2013 Indiana General Assembly

Taxpayers may get hit with 'convenience fee' under new pay-to-pay law

2013-04-30T12:45:00Z 2013-04-30T23:59:05Z Taxpayers may get hit with 'convenience fee' under new pay-to-pay lawBy Dan Carden dan.carden@nwi.com, (317) 637-9078 nwitimes.com
April 30, 2013 12:45 pm  • 

INDIANAPOLIS | Hoosiers soon may be forced to pay a "convenience fee" when using a credit or debit card to pay municipal or utility charges under a new law signed by Republican Gov. Mike Pence.

House Enrolled Act 1145, sponsored by state Rep. Mara Candelaria Reardon, D-Munster, allows local governments and government-owned utilities to charge up to $3 for the convenience of accepting credit or bank cards.

That's on top of the credit card charge those entities can already collect to recover the bank fees they pay on each transaction. The new law authorizes the extra convenience fee, even though most credit card agreements prohibit it.

The pay-to-pay law was among 25 new laws Pence signed late Monday night. He allowed House Enrolled Act 1070, permitting Fishers and Cloverdale to impose a 1 percent food and beverage tax, to become law without his signature.

Overall, Pence has enacted 119 laws approved by the Republican-controlled General Assembly and vetoed none.

Other laws signed Monday that were primarily sponsored by Northwest Indiana legislators include:

• License plates: House Enrolled Act 1279 tasks a legislative committee with reviewing applications for special group license plates and requires organizations with plates to disclose their financial records. Groups also must sell 500 new or renewal plates a year to keep their license plate. The law was sponsored by state Rep. Ed Soliday, R-Valparaiso; and state Sens. Jim Arnold, D-LaPorte, and Sue Landske, R-Cedar Lake.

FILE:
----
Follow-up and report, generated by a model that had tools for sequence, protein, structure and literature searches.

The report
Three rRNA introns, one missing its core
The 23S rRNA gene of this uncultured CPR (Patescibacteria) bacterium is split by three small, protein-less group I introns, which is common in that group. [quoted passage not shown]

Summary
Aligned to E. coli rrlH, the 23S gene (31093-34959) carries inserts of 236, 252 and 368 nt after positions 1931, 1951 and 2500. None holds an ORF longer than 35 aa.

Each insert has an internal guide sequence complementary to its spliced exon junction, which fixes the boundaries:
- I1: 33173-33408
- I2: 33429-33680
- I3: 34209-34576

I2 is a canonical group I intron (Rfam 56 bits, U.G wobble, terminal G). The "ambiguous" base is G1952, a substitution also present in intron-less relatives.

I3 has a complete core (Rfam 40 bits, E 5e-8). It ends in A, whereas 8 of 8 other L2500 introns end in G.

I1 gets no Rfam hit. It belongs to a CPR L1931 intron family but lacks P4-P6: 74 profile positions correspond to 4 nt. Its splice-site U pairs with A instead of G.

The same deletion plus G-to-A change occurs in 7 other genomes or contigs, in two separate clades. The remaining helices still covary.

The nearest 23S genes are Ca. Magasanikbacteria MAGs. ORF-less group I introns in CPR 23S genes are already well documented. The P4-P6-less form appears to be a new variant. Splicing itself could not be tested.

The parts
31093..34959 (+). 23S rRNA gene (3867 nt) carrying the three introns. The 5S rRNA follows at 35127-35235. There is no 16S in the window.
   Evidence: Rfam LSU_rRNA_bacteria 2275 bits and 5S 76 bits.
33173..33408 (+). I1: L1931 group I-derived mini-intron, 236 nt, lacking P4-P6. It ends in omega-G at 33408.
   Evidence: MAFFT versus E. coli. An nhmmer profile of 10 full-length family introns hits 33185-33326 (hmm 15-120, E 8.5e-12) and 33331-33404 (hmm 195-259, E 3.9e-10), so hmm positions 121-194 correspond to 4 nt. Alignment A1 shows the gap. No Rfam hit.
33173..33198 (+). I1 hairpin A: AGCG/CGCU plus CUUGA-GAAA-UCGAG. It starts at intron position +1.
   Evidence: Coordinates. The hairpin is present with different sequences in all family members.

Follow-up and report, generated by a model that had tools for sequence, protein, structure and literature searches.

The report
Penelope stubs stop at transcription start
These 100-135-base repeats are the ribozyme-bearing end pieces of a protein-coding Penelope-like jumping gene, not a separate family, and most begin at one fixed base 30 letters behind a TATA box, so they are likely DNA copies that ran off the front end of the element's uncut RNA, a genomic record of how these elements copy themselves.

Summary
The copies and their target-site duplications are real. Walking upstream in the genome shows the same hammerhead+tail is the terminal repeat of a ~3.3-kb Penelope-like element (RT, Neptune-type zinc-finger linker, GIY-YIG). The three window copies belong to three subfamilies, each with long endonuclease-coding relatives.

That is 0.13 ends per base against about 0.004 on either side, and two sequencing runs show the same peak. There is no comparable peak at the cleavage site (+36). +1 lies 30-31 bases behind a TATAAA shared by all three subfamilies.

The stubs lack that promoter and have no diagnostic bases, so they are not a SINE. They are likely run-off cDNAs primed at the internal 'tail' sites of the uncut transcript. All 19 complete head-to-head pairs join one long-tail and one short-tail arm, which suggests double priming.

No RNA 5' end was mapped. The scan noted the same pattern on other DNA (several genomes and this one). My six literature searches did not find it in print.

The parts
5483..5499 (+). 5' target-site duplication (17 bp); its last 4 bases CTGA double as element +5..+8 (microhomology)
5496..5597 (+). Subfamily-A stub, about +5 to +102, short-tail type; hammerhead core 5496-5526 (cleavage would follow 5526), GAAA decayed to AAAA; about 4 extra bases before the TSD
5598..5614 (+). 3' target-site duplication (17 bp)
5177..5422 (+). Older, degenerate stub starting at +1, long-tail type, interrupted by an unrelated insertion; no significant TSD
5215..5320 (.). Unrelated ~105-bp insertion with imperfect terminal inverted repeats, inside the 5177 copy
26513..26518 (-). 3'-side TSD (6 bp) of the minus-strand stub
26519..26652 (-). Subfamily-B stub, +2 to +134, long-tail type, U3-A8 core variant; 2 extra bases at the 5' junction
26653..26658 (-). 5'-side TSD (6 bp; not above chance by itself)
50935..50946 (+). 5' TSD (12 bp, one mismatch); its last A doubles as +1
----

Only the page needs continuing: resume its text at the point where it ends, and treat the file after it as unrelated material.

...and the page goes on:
• Transcripts: House Enrolled Act 1341 directs the Indiana Department of Education to develop a standard transcript high school students can  electronically submit to state colleges and universities. It was sponsored by state Reps. Vernon Smith, D-Gary, and Tom Dermody, R-LaPorte; and state Sen. Lonnie Randolph, D-East Chicago.

• Emergency medicine: House Enrolled Act 1486, sponsored by Randolph and state Rep. Chuck Moseley, D-Portage, requires an emergency medical service provider license be issued to any veteran whose military skills are substantially similar to a paramedic or emergency medical technician, without requiring additional classes or testing.

• Government retirees: House Enrolled Act 1080 provides an extra one-time pension payment of up to $400 to most retired state and local government employees, including teachers. The law was sponsored by Soliday, Landske, Randolph, and state Sens. Karen Tallian, D-Ogden Dunes, and Ed Charbonneau, R-Valparaiso.

• Secret meetings: House Enrolled Act 1102, sponsored by Candelaria Reardon and Randolph, permits local governments and the boards of public agencies to meet privately when discussing any litigation matters, including administrative rule violations, and during labor negotiations.

• Confidential addresses: House Enrolled Act 1219, sponsored by state Rep. Linda Lawson, D-Hammond, allows police officers, judges and victims of domestic violence to ask local governments restrict disclosure of their home addresses on any public property database website.

• Veterans courts: House Enrolled Act 1016, sponsored by Candelaria Reardon, Randolph and state Sen. Frank Mrvan, D-Hammond, urges lawmakers study how to fund new problem-solving courts focused on military veterans.

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